LearnGermanwith Us!Start Learning!
If you visit Bavaria (especially if it’s a little place out in the depths of the Bayerischer Wald), you are likely to encounter the Bavarian language in one form or another. Spoken Bavarian probably sounds incomprehensible as a non-native German speaker, even if your Hochdeutsch is of a good standard. But when it comes to speaking, there are several things you could do to communicate with a Bavarian person, such as speak in Hochdeutsch (there’s a pretty good chance they’ll speak it back), or speak in English (there’s a reasonable chance they’ll speak it back), or use the age-old technique of pointing at things and hoping for the best.
When learning a language, people often focus on speaking as the most important thing, because they want to be able to communicate. But it’s important to know what you are reading, too. After all, if you speak to someone and don’t understand them immediately, you have ways of getting around that (as mentioned above). However, if you read something you don’t understand, what can you do then?
Although most things are written in Hochdeutsch across Bavaria, you will find some adverts, signs, and slogans written in Bavarian – especially if you’re in a more traditional and less touristic place. So if your German is good but your Bavarian is not so good, how will you know what you’re reading?
That’s where this post comes in! I’ve compiled a list of possible words, signs, adverts and slogans that you might see in Bavaria, to help you out with this. Please feel free to add to this list – I would love it to become an ever-expanding resource for people!
Need the toilet? In German, you know which word you’re looking out for on the toilet door. It might say Mädchen and Junge – girls and boys. Or maybe Damen and Herren – women and men. But what if you were confronted with two toilet doors, one saying “Madls” or “Dirndls”, and one saying “Buam” – and with no little pictures to tell you which is which? Have no fear, here’s the answer!
DIRNDLN: Women (a variation that refers to the traditional Bavarian Dirndl dress)
You may see this written on toilet doors in traditional restaurants, cafes and shops in Bavaria. Now you know which is which!
Bavaria is home to FC Bayern München. Their slogan or motto is “Mia san mia”, which is, naturally, Bavarian. As it is now a famous slogan, you may see it in all sorts of places, either in reference to football or not. So, to clarify:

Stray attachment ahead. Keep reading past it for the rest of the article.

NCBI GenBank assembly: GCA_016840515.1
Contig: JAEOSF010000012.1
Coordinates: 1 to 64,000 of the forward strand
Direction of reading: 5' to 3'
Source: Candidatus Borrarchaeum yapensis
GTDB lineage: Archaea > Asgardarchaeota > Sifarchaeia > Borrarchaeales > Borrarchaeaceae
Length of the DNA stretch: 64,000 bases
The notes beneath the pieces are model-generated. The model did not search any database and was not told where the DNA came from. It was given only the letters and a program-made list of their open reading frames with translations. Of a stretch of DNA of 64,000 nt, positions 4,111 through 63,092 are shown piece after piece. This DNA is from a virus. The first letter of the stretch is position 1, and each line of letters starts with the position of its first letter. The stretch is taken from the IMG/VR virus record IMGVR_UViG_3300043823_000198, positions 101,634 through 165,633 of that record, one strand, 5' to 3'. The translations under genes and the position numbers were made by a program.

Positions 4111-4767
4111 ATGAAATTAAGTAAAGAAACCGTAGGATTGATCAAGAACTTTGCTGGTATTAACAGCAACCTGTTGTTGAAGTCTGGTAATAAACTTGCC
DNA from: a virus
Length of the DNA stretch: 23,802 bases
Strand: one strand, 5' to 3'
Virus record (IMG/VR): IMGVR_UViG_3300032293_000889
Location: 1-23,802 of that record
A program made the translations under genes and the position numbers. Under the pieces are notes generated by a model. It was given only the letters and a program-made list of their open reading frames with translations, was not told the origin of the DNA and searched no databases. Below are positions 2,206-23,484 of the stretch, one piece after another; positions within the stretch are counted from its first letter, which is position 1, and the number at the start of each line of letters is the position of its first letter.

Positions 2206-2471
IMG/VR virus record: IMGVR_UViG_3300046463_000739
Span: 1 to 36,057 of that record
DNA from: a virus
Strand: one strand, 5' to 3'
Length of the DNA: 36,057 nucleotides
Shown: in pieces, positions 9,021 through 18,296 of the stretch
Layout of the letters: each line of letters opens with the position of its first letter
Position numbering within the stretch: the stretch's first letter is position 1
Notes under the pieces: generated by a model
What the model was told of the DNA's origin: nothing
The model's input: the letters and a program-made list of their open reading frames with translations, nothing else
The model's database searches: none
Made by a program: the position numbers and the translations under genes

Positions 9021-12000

MIA SAN MIA: Originates from the German “Wir sind wir”, which means “We are we” in English. It basically means, “We are who we are”.
A restaurant is one place you’re likely to find lots of Bavarian words, as they like to keep things traditional and homely. The above sign is just one example. The first sentence is in Hochdeutsch (standard German), whereas the second is in Bavarian.
“Essen ist ein Bedürfnis, aber genießen eine Kunst!!” – “To eat is a requirement, but to enjoy it is an art!!”
“Drum schaugst a bißl rei zu uns!” – “That’s why you should come in and see us!”
Here are some more words and phrases you might see in/around Bavarian restaurants and cafes:
This little phrase in German would be “Guten Appetit!” which you can probably tell means “A good appetite!” in English.
You are likely to see this little phrase plastered all over restaurant menus, and maybe hanging on a restaurant wall. Now you know what it means – the restaurant owners are wishing you bon appetit.
A restaurant is sometimes called a ‘Stube’. For instance, you might see the name of a restaurant as ‘Schmankerl Stube’ or ‘Alpenglow Stube’.
Some places use the Bavarian word for Stube, instead – Stubn (or Stub’n).
So if you come across a Stubn, don’t be confused – it is, in fact, a Stube – a restaurant.
SCHWAMMERL (or: SCHWAMMAL)
The Bavarian word for ‘mushrooms’. In Hochdeutsch, this would be ‘Pilze’. So if you see a Schwammerlsuppe (or, even more Bavarian: Schwammerlsubbm) on a menu, you’re looking at mushroom soup.
I did not even know the word ‘Pilze’ existed until a few years ago. I had used ‘Schwammerl’ my whole life, and thought that was the standard German word for mushrooms! That’s how common the word Schwammerl is over there.
Another word you may see on a menu, ‘Schmankerl’ is Bavarian for ‘Spezialität – ‘speciality’.
Kaufland, a German supermarket chain, has advertising slogans written entirely in Bavarian. One of them says “Joa servus. Kaufland is do!” Translation:
In Hochdeutsch: Ja hallo, Kaufland ist da!
In English: Well hello, Kaufland is here!
THE BAVARIAN FOREST
Since you might be out in the sticks of it when coming across many of these words, I thought I should briefly touch upon the Bavarian Forest. In German, we are talking about the Bayerischer Wald. Although you’ll mostly see it written that way, there is a chance you could see the word ‘Wald’ (forest/woods) spelt like this: ‘Woid’.
WOID is the Bavarian word for ‘Wald’ (forest/woods). If you ever see ‘Bayerischer Woid’ written anywhere, they’re talking about the Bayerischer Wald.
On a similar note, here’s one example of a sign written in Bavarian – presumably on a mountain somewhere.
Can you figure out what it says?
And as always, feel free to add more examples in the comments!
Servus! Kemmts fei wieda! 😉
(Bavarian for: ‘Bye! Do come again!’)